The guy in charge of the Green Line project remains optimistic the city can find solutions to the challenges facing the project.
But his political masters are standing by with all kinds of options, up to and including splitting the LRT line in two.
City council voted earlier this fall to create a Green Line committee to handle all of the complex issues surrounding the $4.9 billion project.
On Friday, its first meeting descended quickly into suggestions and arguments about what is going on with the Green Line.
The project has suffered some setbacks in recent months.
Mega challenges for a mega project
Concerns about potential cost overruns, and technical issues facing construction of a four-kilometre tunnel under downtown forced the city to step back and examine other ways of getting the LRT line through the core.
It's looking at building a bridge to get the CTrain over the Bow River, and instead of boring a deep tunnel under downtown, it will use what's known as cut-and-cover to construct a tunnel under 2nd Street Southwest.
Then in the provincial budget last month, the city found out it would be getting $75 million from the Kenney government over the next four years — instead of $550 million.
The province also signalled in Bill 20 that while it will honour the previous NDP government's commitment of $1.5 billion for the Green Line, it wants to reserve the right to cancel that funding with 90 days notice.
At that time, Mayor Naheed Nenshi said the uncertainty puts the future of the Green Line in jeopardy.
However, the head of the Green Line, Michael Thompson, is rolling with the punches.
The team working on the project is coming up with a list of options for shortening the downtown tunnel so it can be built for less money.
Break Green Line in two
Coun. Jeff Davison suggested that the transportation department consider options for splitting the Green Line so that it does not cross 7th Avenue downtown.
Given that getting through the downtown is a major cost to the entire project, he suggested big savings could be found if LRT lines from the north and from the southeast come into the core but don't connect with each other or with other existing LRT lines.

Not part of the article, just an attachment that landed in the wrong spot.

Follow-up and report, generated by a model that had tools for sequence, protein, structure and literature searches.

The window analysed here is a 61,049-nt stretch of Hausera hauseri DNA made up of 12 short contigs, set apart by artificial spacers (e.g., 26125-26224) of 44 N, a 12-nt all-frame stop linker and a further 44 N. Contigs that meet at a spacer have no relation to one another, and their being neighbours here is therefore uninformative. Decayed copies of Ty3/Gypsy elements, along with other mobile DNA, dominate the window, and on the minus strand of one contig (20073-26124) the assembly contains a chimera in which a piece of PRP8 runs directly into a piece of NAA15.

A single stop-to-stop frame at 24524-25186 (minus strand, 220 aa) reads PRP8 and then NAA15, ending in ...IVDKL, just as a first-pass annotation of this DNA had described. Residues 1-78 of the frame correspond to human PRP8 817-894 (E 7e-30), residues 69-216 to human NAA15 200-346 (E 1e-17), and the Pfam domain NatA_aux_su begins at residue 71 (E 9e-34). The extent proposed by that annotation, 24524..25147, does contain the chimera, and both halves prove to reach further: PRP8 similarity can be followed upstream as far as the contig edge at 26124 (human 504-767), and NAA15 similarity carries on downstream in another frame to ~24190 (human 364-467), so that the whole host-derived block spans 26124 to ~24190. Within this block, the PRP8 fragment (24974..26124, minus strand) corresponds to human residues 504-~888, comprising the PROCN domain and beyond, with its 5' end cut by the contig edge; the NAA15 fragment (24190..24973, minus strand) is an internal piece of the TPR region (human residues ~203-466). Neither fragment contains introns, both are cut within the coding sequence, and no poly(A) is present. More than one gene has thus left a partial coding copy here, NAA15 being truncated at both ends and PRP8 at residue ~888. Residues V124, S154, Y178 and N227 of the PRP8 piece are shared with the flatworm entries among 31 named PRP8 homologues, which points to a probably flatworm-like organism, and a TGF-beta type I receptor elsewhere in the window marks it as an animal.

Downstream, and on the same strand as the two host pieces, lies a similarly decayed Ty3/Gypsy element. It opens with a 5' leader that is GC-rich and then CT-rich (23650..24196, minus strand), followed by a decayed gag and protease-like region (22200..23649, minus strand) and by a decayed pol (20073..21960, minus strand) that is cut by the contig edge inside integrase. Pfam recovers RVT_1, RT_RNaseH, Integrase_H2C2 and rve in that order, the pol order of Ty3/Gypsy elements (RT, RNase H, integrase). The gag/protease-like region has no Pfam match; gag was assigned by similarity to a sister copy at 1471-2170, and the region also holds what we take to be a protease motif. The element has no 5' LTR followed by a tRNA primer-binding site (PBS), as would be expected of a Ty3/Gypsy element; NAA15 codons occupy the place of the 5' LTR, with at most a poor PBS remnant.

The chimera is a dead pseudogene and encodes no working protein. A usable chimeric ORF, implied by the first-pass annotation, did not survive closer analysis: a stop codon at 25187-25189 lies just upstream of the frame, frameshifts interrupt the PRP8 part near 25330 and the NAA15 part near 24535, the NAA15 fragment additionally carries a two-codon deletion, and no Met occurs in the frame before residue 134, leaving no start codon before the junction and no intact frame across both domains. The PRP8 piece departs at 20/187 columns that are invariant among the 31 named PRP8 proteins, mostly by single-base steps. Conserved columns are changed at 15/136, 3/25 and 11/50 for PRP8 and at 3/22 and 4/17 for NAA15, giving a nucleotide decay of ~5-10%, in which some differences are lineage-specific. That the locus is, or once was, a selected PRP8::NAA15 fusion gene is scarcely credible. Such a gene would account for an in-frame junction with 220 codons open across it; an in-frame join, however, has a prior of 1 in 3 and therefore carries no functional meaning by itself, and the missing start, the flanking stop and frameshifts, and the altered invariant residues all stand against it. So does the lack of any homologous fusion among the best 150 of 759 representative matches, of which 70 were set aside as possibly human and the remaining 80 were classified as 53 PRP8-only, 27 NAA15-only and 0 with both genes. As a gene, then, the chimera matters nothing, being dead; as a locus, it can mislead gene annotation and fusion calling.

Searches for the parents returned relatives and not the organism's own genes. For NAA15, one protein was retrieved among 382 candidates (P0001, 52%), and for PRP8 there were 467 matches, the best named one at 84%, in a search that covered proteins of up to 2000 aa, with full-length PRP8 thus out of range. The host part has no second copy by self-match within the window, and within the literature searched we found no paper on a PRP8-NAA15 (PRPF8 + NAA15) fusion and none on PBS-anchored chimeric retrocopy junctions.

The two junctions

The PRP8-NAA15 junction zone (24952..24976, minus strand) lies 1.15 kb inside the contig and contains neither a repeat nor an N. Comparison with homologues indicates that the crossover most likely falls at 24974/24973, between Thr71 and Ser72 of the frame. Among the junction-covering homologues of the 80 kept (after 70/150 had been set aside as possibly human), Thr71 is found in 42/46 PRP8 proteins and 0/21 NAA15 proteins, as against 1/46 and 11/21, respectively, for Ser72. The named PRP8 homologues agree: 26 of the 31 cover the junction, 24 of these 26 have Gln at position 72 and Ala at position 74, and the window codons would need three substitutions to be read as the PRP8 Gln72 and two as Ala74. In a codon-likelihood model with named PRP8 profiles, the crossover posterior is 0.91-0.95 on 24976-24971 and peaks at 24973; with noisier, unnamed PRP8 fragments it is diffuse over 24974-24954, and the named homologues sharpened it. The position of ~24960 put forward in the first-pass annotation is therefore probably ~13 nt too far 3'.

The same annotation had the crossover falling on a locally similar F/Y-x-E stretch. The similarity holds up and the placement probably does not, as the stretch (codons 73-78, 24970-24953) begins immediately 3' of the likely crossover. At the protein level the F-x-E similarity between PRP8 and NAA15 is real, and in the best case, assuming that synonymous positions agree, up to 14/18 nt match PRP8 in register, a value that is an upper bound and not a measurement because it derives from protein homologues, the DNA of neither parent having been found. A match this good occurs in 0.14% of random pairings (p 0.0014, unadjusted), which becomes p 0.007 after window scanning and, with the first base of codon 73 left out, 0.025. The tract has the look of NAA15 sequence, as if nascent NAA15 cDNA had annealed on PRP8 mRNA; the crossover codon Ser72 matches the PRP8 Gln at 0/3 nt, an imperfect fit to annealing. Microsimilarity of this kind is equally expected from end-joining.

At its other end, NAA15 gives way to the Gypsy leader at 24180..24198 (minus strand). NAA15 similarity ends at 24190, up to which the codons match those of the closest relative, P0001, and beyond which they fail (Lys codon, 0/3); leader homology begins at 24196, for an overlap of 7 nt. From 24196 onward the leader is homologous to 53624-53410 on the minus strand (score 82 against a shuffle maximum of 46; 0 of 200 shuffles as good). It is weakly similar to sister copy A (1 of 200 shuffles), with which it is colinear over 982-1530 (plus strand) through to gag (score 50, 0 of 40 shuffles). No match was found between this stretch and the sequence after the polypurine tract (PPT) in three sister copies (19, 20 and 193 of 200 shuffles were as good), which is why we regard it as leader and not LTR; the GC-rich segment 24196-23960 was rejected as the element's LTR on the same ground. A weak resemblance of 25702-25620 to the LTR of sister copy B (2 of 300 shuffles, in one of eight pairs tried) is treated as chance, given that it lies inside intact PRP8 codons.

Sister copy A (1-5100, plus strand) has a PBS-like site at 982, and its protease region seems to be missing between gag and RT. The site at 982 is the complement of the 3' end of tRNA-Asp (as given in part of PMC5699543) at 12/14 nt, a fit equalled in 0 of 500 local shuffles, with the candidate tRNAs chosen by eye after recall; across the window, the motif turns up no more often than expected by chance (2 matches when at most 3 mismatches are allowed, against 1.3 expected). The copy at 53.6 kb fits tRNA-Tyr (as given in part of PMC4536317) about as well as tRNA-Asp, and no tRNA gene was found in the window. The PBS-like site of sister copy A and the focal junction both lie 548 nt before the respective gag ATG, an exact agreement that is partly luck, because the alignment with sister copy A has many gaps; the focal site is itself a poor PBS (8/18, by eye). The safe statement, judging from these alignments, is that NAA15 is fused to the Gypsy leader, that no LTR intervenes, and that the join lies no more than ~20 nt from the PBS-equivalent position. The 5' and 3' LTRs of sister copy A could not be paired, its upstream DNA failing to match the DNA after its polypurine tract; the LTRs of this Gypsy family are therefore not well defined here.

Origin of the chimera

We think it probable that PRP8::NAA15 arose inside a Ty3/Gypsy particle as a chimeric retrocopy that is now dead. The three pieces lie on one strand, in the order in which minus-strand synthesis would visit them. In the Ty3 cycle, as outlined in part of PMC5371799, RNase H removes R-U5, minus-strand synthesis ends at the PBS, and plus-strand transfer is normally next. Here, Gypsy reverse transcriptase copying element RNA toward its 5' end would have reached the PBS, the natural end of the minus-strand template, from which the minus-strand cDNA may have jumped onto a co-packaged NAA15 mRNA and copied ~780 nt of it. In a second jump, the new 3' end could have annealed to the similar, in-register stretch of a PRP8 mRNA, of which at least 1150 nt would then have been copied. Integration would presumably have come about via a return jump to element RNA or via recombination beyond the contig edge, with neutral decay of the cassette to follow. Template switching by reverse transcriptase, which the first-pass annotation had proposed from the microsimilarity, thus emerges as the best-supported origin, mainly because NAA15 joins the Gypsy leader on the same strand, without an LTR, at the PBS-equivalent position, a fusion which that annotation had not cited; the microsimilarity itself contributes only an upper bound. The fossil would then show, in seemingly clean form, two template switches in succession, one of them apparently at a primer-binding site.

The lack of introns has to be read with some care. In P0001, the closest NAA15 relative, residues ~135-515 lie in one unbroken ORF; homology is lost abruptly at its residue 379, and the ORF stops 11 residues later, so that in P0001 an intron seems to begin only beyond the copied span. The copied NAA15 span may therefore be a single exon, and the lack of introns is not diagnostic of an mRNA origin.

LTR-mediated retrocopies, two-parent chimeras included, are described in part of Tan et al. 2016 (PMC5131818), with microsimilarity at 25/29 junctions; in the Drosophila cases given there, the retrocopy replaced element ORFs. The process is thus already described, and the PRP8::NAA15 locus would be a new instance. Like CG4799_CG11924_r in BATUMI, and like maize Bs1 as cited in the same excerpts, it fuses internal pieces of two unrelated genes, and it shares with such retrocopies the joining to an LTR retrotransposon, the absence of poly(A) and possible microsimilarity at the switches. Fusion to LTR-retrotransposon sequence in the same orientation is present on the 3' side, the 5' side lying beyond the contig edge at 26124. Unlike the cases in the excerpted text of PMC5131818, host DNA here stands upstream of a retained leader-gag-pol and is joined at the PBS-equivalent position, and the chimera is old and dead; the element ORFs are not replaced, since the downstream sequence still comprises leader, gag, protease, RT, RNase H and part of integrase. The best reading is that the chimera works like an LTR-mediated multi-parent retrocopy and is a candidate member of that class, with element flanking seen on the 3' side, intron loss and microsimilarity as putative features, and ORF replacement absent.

"Given that we already have two intersecting trains in the downtown core, is it not the best use of funds to try and create a north and a south leg, bringing them into the downtown and then moving them again on lines that already exist?"
Coun. Druh Farrell suggested the city could save money and improve transit further out from the core by building a tunnel under downtown that could initially be used by bus rapid transit (BRT) routes and then be converted later to LRT service.
She also suggested that a number of major downtown property owners need to have more input on the changes being considered by the city.
In a letter to Farrell, the landlords indicated they are hearing the city's plan could even include a level LRT crossing of Macleod Trail, something they would oppose.
"Livid all the time"
Coun. Jyoti Gondek is focused on what can be done to get the Green Line further into the city's north end which she said needs better transit service.
Gondek, who was first elected in 2017, wasn't on council when it voted for the Stage 1 alignment of the LRT line, which will stretch from 16th Avenue North to Shepard station in the southeast.
At one point, she chastised her colleagues for talking behind her back while she was speaking.
Coun. Evan Woolley responded to Gondek's irritation at being interrupted.
"You don't have to be so livid all the time, Coun. Gondek," said Woolley.
She responded in kind.
"As far as not being so livid all the time and watching my tone, wow, I wonder if my male colleagues have ever been called out for that kind of nonsense. I am not impressed," said Gondek.
"I will be as livid as I feel like being. I am here to represent my citizens as well as all Calgarians. So do not tell me to watch my tone. Please."
Woolley then apologized to Gondek.
The committee got bogged down in a lengthy discussion about principles for making decisions about the Green Line.
Davison, who proposed adding more items to that list, was clearly frustrated by the debate including a comment that his suggestions were "weird."
"You know what's weird? That we have moved this project nowhere in six years," said Davison.
Eventually, tempers settled down.
After the meeting, the chair of the Green Line said it's not surprising that emotions around the table get carried away sometimes.
"Everybody wants it (the Green Line). The intent today was: let's put all of that aside. Let's go forward with what we can do, making sure that we're being fiscally responsible," said Coun. Shane Keating.
What the Green Line team is working on is a list of options for getting the LRT project through the downtown and within the $3-billion in local and federal money that has been assembled for the line.
Thompson said that once provincial money comes through in a few years, then the city can determine what else can be built.
His goal is to present those options to the Green Line committee in December.
Council as a whole will vote in January on how the plan proceeds.
The city has spent more than $450 million already, preparing the alignment for construction and acquiring land.
Four companies have been shortlisted to supply the light rail cars for the Green Line.
The city has also taken submissions from an unknown number of companies interested in building the LRT line. A shortlist is expected by the end of this year.